Racial equity work in Multnomah County began within the Health Department, where a Health Equity Initiative was launched in 2008. The Initiative formed in response to a report on racial and ethnic health disparities in the county. Health Equity Initiative staff began developing shared analysis of the problems revealed by the report by screening the four-hour PBS documentary, Unnatural Causes: Is Inequality Making Us Sick? and hosting discussions of the film. Over 500 county officials and community members participated in 57 screenings of the film. The screenings gave participants new ways to talk about equity, and provided shared language to raise the level of conversation.
These film-inspired conversations about the impact of inequality on health and the kinds of policies needed to address inequity set the stage for Multnomah County Health Department to build and expand equity-centered programs such as the Future Generations Collaborative in the Native Amer-ican community and the Healthy Birth Initiative in the African American community. Eighty-eight percent of Healthy Birth Initiative participants initiate prenatal care, more than the county’s white population and higher than the county’s overall prenatal care entry rate.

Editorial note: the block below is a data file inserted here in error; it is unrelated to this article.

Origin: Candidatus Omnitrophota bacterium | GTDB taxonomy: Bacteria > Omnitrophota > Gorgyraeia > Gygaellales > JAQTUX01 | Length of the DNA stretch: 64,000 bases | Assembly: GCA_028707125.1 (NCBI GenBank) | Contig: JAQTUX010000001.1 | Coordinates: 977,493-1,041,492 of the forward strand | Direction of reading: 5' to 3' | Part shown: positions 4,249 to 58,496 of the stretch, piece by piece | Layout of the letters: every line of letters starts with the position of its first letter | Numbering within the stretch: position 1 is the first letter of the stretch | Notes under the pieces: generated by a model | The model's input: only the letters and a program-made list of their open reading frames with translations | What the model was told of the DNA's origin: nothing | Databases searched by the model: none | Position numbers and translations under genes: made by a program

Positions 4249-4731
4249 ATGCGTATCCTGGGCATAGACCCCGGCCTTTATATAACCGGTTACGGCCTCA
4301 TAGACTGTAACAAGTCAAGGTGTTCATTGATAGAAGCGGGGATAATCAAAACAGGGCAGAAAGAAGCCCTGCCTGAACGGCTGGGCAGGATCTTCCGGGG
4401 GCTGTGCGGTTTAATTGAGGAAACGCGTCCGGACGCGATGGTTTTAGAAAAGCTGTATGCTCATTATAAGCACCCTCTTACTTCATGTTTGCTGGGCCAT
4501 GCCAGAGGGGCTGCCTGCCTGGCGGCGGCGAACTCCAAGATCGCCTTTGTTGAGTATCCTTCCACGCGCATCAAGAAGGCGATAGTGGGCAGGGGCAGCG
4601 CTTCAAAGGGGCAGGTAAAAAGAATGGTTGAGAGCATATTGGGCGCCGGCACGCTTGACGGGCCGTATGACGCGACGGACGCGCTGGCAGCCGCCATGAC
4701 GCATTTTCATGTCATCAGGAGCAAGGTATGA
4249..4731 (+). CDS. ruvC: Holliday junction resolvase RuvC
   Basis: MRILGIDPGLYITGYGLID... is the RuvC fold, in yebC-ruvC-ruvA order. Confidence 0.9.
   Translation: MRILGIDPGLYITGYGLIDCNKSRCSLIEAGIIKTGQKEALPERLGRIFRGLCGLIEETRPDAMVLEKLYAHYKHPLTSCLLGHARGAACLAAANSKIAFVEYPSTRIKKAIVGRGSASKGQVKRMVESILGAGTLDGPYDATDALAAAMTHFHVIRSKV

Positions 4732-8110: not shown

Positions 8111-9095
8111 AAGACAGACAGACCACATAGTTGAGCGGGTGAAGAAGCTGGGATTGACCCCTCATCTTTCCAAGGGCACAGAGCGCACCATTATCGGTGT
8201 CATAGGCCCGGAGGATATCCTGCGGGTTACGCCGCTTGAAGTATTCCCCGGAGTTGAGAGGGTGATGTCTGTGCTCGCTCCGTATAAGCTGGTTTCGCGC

Putting racial equity at the center and using a social determinants of health framework of analysis led the Multnomah County Health Department (MCHD) to engage in work outside of its traditional realm. Social determinants of health refer to the interplay between factors affecting a person’s life beyond health behaviors or physiological problems, including systems such as the economy, transportation, and neighborhood context (Social Determinants of Health in Multnomah County). Recognizing that income is one of the primary social determinants of health, MCDH has worked with communities on micro-enterprise projects, using its leverage as a contractor to promote equi-table practices, and is linking food access and health outcomes through the Healthy Retail Initiative (Health Equity Initiative Five-Year Reflection).
In 2010, Multnomah County expanded its equity work beyond the Health Department and created the Office of Diversity and Equity (ODE). Within two years after ODE’s founding, a performance audit found that the office had gained respect among the county’s 4,500 employees (Tims, 2012). Draw-ing from the Health Department’s work, the county developed an Equity and Empowerment Lens to more intentionally examine and address root causes of inequities. In 2011, the Multnomah County Chair created a new position within the ODE to institutionalize and integrate the Lens County-wide (Equity and Empowerment Lens 2012).
The County now has staff dedicated to doing equity training and offers a full suite of trainings to build the capacity of county staff to have conversations about racial equity and apply those lessons to their work.